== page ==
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Home > Medical Examination > Does color deficiency affect a pilot's career?
Does color deficiency affect a pilot's career?
Pilot Career - Medical Examination
Tuesday, 04 March 2008 03:32
Hi Captain Lim,

I have a slight color deficiency and I have gone to see a specialist. I have just taken a Farnsworth100 Hue Test yesterday and I am still waiting for the results.

The doctor told me that he would advise against pursuing a career as a pilot. He based it on the fact that an airline could hire someone without a deficiency, so why hire me? What I would like to know is, being color deficient, affect the job of a pilot? Has there been any accidents caused by a color-deficient pilot? Some pilots today are color deficient without even knowing that they are and still fly pretty well. Am I right?   -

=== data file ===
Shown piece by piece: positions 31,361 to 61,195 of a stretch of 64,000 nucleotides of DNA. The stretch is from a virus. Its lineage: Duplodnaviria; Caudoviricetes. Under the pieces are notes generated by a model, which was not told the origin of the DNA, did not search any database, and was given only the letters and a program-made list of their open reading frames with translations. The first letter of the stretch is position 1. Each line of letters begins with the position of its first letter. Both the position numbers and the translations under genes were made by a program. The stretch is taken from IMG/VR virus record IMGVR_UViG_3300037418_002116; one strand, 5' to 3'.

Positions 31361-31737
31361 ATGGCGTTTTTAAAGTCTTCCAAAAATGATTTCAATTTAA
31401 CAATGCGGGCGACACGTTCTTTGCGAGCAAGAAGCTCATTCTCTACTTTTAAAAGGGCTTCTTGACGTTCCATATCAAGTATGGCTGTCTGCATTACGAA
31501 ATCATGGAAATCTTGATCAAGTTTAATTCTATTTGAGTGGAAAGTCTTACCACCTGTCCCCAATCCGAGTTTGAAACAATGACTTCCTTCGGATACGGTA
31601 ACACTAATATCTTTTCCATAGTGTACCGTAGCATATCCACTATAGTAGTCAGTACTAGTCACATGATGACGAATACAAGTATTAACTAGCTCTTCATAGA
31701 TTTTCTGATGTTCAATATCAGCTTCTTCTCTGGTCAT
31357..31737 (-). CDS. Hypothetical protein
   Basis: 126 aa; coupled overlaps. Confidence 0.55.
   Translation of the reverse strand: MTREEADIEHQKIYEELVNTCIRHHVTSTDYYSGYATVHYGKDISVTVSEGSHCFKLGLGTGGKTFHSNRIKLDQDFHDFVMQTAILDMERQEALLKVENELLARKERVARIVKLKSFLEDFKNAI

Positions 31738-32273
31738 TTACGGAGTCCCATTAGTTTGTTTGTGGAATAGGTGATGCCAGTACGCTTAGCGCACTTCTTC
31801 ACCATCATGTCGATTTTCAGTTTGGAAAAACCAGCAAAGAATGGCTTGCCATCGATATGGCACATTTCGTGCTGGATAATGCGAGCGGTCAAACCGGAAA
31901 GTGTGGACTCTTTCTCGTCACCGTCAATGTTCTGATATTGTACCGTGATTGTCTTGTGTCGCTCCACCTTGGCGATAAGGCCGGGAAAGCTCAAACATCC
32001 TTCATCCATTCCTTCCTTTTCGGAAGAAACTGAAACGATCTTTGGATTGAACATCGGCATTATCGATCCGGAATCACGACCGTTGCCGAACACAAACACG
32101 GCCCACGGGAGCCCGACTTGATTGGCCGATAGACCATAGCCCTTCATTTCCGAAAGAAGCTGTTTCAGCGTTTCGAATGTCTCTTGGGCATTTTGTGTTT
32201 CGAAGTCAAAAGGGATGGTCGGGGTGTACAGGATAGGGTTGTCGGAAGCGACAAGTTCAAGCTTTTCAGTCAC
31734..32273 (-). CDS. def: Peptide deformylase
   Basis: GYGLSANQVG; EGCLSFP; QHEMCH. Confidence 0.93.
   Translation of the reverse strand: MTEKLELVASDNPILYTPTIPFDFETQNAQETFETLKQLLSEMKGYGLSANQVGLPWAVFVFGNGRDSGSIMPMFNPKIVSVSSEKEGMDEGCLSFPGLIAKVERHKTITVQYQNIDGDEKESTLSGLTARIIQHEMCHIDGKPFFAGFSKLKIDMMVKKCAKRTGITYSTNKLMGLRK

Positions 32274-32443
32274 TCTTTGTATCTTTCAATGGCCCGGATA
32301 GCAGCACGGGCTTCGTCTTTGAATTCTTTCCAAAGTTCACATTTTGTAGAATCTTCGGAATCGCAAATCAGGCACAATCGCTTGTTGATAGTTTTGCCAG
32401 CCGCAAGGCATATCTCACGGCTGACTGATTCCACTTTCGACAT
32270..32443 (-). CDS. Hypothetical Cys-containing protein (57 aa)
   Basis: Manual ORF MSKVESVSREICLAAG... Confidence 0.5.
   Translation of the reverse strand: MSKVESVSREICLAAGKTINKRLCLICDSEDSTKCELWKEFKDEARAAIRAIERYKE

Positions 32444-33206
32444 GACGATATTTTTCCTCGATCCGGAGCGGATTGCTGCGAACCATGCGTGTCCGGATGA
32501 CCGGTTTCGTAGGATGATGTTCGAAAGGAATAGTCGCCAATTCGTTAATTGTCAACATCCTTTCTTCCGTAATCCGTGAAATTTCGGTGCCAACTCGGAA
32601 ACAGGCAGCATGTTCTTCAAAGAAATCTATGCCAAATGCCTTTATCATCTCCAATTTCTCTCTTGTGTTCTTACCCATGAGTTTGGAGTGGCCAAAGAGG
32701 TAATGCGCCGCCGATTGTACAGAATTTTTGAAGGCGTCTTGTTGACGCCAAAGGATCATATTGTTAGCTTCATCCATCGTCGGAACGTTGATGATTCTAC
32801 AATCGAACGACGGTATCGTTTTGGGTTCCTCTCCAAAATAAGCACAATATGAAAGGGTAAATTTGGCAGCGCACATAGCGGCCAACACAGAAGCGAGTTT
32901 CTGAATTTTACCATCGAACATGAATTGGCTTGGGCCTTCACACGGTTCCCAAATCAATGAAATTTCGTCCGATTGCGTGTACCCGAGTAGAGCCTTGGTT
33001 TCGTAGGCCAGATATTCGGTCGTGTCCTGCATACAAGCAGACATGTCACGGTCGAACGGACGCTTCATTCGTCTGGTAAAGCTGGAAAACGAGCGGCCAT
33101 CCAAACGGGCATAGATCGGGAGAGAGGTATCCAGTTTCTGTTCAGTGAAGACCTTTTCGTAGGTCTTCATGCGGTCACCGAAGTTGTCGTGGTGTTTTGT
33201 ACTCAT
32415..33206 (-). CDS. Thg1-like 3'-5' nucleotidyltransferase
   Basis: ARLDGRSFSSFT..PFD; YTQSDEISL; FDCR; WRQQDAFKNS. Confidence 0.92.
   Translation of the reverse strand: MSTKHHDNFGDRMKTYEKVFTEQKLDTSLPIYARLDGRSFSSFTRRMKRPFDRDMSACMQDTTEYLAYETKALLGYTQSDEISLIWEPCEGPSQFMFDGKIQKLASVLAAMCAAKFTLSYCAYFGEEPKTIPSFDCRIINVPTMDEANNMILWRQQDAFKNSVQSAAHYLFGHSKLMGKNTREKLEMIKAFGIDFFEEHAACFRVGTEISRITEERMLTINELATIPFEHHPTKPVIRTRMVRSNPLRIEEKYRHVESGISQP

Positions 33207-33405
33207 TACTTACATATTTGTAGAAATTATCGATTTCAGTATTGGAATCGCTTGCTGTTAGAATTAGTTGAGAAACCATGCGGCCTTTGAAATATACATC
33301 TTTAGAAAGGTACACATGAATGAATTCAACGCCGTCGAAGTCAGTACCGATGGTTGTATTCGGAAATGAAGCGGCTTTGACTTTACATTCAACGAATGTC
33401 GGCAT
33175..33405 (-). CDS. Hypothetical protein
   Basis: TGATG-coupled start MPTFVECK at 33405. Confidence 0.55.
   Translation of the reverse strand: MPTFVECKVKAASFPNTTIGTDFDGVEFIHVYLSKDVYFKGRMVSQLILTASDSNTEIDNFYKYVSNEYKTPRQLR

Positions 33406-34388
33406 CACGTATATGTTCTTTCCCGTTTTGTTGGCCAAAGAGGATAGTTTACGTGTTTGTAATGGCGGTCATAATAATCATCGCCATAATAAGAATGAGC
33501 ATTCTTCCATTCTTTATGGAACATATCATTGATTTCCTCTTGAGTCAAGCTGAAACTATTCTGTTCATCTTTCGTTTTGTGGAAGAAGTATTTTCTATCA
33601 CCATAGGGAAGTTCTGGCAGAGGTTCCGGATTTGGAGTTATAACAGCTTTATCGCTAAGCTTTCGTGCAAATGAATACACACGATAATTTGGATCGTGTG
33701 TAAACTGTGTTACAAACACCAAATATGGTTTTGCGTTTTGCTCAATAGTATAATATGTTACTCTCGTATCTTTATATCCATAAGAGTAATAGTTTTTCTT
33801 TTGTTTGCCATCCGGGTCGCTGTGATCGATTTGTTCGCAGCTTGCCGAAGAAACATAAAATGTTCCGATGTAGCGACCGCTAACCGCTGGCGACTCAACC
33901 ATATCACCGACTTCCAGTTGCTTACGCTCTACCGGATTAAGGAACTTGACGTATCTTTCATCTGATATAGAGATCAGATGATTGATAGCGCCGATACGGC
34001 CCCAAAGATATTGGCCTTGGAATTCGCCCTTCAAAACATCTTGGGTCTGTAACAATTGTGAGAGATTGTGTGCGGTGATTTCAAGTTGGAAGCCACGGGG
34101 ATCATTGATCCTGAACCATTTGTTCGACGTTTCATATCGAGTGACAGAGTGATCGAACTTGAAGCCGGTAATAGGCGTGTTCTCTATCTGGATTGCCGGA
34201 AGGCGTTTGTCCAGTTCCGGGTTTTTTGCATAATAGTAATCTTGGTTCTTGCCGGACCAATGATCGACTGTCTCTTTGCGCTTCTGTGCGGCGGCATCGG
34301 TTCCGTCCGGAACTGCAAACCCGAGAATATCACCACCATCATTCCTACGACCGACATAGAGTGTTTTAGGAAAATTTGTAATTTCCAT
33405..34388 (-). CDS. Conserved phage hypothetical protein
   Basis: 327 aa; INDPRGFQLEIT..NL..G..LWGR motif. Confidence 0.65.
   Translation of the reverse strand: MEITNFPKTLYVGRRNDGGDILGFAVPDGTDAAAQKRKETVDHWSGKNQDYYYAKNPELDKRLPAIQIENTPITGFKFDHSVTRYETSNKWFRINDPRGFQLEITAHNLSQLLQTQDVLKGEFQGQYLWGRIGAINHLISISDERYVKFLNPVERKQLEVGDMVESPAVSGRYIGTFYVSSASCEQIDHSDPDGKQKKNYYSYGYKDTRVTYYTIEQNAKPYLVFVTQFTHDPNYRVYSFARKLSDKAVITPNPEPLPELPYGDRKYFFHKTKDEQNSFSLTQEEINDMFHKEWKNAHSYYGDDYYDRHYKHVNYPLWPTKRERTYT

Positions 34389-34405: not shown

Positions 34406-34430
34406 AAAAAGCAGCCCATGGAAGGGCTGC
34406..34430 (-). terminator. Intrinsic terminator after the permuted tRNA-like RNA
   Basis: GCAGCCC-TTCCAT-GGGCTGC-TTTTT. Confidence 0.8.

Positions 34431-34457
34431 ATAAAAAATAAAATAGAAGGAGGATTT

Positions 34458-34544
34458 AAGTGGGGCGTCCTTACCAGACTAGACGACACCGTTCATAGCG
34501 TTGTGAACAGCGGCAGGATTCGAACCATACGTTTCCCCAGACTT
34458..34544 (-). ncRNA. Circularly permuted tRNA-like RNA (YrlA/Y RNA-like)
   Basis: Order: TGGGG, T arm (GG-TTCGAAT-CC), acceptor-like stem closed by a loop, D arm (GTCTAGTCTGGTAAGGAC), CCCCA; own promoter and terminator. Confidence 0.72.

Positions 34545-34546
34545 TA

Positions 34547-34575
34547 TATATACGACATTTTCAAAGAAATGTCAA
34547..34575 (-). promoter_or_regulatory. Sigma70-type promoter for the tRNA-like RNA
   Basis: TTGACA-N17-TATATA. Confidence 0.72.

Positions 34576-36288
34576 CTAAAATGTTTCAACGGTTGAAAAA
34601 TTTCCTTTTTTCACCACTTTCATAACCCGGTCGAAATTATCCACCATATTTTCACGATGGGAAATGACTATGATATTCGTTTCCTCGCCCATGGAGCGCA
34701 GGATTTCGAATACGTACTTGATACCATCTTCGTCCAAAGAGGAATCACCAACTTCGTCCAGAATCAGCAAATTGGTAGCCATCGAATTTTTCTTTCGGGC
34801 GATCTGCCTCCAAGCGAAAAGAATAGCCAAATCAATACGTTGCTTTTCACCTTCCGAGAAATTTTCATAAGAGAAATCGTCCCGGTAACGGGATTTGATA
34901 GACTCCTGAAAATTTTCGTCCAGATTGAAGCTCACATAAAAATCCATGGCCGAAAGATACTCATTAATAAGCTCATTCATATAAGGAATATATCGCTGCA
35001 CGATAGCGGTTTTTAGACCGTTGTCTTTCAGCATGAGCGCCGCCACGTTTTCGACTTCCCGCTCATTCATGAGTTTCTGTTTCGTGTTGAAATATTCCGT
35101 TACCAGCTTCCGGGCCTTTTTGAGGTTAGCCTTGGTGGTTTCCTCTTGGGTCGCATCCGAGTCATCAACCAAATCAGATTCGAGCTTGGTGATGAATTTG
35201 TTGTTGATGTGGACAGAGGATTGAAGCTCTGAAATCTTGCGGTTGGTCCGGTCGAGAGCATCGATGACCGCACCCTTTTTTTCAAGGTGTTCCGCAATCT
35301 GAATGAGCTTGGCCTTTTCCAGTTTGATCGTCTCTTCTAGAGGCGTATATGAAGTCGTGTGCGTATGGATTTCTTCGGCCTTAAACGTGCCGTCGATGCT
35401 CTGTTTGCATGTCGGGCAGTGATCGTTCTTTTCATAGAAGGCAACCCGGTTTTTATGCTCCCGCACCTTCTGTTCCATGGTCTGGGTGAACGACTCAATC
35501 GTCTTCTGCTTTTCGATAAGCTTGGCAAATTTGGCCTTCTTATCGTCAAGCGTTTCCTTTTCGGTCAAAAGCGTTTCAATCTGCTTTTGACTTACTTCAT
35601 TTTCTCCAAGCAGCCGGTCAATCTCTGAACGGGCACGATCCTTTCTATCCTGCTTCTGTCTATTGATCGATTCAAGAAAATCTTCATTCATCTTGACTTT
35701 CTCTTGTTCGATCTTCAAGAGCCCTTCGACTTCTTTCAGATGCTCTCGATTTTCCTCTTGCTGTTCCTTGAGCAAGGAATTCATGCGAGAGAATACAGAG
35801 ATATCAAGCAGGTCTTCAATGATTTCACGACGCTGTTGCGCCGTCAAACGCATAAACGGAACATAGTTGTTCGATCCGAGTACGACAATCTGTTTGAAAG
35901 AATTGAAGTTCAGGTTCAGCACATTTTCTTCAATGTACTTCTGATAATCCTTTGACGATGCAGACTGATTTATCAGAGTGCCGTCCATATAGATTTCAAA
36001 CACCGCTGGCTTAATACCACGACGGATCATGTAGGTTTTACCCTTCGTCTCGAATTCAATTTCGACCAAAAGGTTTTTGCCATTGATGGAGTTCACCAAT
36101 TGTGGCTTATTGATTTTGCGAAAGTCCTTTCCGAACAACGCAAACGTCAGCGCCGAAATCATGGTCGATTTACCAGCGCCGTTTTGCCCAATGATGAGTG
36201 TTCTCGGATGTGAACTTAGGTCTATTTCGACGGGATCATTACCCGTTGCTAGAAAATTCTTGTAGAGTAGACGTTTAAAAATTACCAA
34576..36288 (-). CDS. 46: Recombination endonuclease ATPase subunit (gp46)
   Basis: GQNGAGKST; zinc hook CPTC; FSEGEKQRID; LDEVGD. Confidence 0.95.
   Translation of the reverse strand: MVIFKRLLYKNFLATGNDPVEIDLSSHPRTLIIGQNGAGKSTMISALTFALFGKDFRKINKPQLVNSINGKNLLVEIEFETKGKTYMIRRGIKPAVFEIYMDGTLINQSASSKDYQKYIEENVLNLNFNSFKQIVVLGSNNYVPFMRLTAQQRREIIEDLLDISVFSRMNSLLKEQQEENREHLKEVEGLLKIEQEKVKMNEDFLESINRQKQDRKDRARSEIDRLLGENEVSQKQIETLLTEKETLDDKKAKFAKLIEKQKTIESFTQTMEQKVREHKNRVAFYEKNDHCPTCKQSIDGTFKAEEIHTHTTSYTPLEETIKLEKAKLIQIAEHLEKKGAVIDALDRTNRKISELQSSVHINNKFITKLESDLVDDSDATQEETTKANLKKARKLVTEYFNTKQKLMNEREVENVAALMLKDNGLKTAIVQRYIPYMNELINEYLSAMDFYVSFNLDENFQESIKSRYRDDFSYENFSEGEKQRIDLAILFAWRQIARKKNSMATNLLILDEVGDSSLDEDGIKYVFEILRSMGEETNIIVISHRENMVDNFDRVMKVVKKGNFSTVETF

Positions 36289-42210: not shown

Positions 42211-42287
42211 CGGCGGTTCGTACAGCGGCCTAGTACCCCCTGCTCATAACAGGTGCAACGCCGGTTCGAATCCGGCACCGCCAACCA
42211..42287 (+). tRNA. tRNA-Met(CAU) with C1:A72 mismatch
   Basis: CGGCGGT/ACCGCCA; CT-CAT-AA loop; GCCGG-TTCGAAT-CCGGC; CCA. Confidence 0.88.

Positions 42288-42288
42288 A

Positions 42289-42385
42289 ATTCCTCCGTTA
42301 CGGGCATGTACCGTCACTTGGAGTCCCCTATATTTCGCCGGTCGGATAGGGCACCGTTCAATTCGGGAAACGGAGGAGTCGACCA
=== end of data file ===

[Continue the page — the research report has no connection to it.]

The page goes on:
Kit

Hi Kit, 

Before I answer your question, let me elaborate a little bit on what is color blindness.  Some aspiring pilots are unaware that they are colorblind until they undertake a medical examination, usually from a pilot recruitment procedure.  This news can be quite traumatic to one whose lifelong experience is to be a commercial pilot.

What then is color blindness?   Will this defect get worse?   Can this medical problem be cured?

Color blindness can either be inherited or acquired.   Color deficient people tend to confuse some colors or may totally miss others.  A colorblind person actually sees only black, white and shade of gray.   Man has a higher prevalence of color deficiencies (about 8 % or 11 million US males) whereas females have less color blindness problems (about 2 % or 1.4 million women).